He was reminded of Ross from his work crew. Ross the inveterate jogger, who continuously set new and higher running goals for himself. But for what? It was an intangible that could never be reached like the snake chasing and swallowing its tail.
Am I like that too? Just maybe…
He balked at the thought. He knew that he wouldn’t let go of his dancing. He enjoyed it too much. Besides, he believed dance, like laughter, heals the wounds inflicted by reason and life. It was the necessary and perfect antidote to misery in fact. Eventually, he hoped it would heal the Jenny wounds, the open sores of living that fester below the surface until breaking out and bringing an untimely malaise over everything.
He took an extra big gulp of his energy drink and felt his system suddenly kick in. Probably getting buzzed from drinking too much of this shit. Maybe I should cut back?
But then Bob walked in.
“Hey my man.” Bob said
“Heya.” Terry said
“So how did you like the show the other night?” Bob asked
“It was fun.”
“Yeah, from what I even can remember of it.” Bob joked
Both men laughed.
Then Terry asked, “So how can I help you today?”
“I need a motor for a water pump. Standard size should about do it.”
Terry nodded. Then he disappeared into the back room.
Several minutes later, Terry returned and handed Bob a box with the motor inside. He had folded the cardboard flaps in to make it appear new, though it was a used unit that he was passing off for new. Hate to rip a buddy off, Terry thought, sadly. But what can I do? Business is sluggish. I had to remortgage the house when she left, just when house prices were at an all time high. It’s been so hard to recoup all that I’ve lost.
He faltered at the cash register. In a flash of conscience, he considered returning the used motor to the back room. No, it’ll look odd if I suddenly do otherwise. I’ll try and do better next time. It was something that he had been telling himself often as of late.
He proceeded with the sale. After ringing up the purchase, they chatted.
“These days I’m restoring a classic car I found abandoned in a field.” Bob said
“Oh, what kind?”
“A ’67 Beaumont. It’s not even in that bad of shape really.” Bob said
Terry listened with rapt attention as Bob recounted his mechanical misadventures. He soon forgot the moral qualms he had felt moments ago.
When Bob finished his story and turned sideways like he was ready to go, an idea occurred to Terry.
He grinned broadly. “Hey buddy I wanna show you something.”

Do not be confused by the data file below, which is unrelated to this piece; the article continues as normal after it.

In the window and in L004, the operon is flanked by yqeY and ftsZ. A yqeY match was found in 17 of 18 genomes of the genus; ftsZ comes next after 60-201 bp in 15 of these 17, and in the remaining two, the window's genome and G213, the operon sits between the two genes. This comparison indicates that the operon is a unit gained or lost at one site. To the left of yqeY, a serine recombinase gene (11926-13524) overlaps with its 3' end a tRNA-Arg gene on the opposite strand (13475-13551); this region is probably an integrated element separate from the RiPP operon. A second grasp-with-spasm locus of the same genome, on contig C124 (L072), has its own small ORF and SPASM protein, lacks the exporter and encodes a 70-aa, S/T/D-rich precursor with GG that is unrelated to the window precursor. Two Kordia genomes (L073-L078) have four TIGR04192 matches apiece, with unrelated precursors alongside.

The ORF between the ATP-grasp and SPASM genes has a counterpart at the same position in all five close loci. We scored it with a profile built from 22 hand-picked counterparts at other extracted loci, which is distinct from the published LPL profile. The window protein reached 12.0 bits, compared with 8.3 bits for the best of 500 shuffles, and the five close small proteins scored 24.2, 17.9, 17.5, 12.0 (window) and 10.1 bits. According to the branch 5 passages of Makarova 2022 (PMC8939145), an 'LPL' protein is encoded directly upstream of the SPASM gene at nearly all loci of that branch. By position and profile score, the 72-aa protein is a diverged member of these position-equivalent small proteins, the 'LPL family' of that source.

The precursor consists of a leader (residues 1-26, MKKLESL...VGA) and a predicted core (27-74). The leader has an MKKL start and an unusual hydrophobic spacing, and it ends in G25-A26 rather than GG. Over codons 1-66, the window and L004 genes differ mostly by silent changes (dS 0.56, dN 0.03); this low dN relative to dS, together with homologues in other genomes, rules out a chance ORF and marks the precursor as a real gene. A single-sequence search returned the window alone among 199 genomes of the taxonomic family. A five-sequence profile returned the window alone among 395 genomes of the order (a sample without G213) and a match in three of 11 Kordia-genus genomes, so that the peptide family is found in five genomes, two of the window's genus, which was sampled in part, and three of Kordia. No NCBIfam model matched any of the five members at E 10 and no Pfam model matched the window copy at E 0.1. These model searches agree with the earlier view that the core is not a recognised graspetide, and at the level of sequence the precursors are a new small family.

Bob followed Terry downstairs. They went into an empty room that had a disco ball light overhead and was set up with speakers and a sound system.
“This is my dance studio. Sometimes when things are slow, I practice down here.”
They went back upstairs.
“Yeah, I really got my dance on these days. But hell, everybody needs a hobby. And who knows someday I could even run for office. Become the dancing Mayor or some crazy thing.”
Bob stared deep into Terry’s face. His lips twitched like he was holding back saying something. Then finally he said, “I gotta go now. See ya.”
“See ya Bobby.” Terry called as the man strode out the front door.
After supper that evening, a thrown together sort of hash, like his mother had scraped out the contents of the fridge into the frying pan, they went their separate ways.
Terry thought about going to the mall to play Dance Dance Revolution. But he remembered it was a Tuesday night and bound to be extra busy there, so he decided against it.
Instead, he retired to the basement as ever.
Ruth intended to read her Bible before her favorite program started at 8 p.m. As she heard him crank the music, she felt a flutter of fear tickle down the back of her neck. What is all of that about anyhow?
She set her Bible aside. She considered praying for her son.
But then it came to her! Eureka! Epiphany-like. Thank you, Jesus, holy one. Through the misty recall of memory, she remembered a far away time when Terry was twelve, a happier, easier era for certain when they all lived in the old Cavendish Street home, the original family residence and she taught her thin, wiry son with the huge feet how to waltz. It was a fun time. One they laughed about in fact for years afterwards.
Not even exactly certain what she was going to do, Ruth hustled down the stairs into the basement. Beautiful Simone weaved in and out of her legs as she took each step, aggravating Ruth to no end and making her lightly curse under her breath. Shit.
Terry looked up and smiled. But he kept dancing.
Ruth turned the music down to a more tolerable level.
“Son, let’s waltz like back in the old days.” she said
Terry ground to a halt. His face lit up like a thousand shining disco balls.
Then with outstretched arms he received her and they two stepped happily along. Fox trot. Everything.
Shauna Checkley lives and works in Regina, Saskatchewan Canada. She is a long-term employee at Regina Public Library and enjoys writing and cat rescue.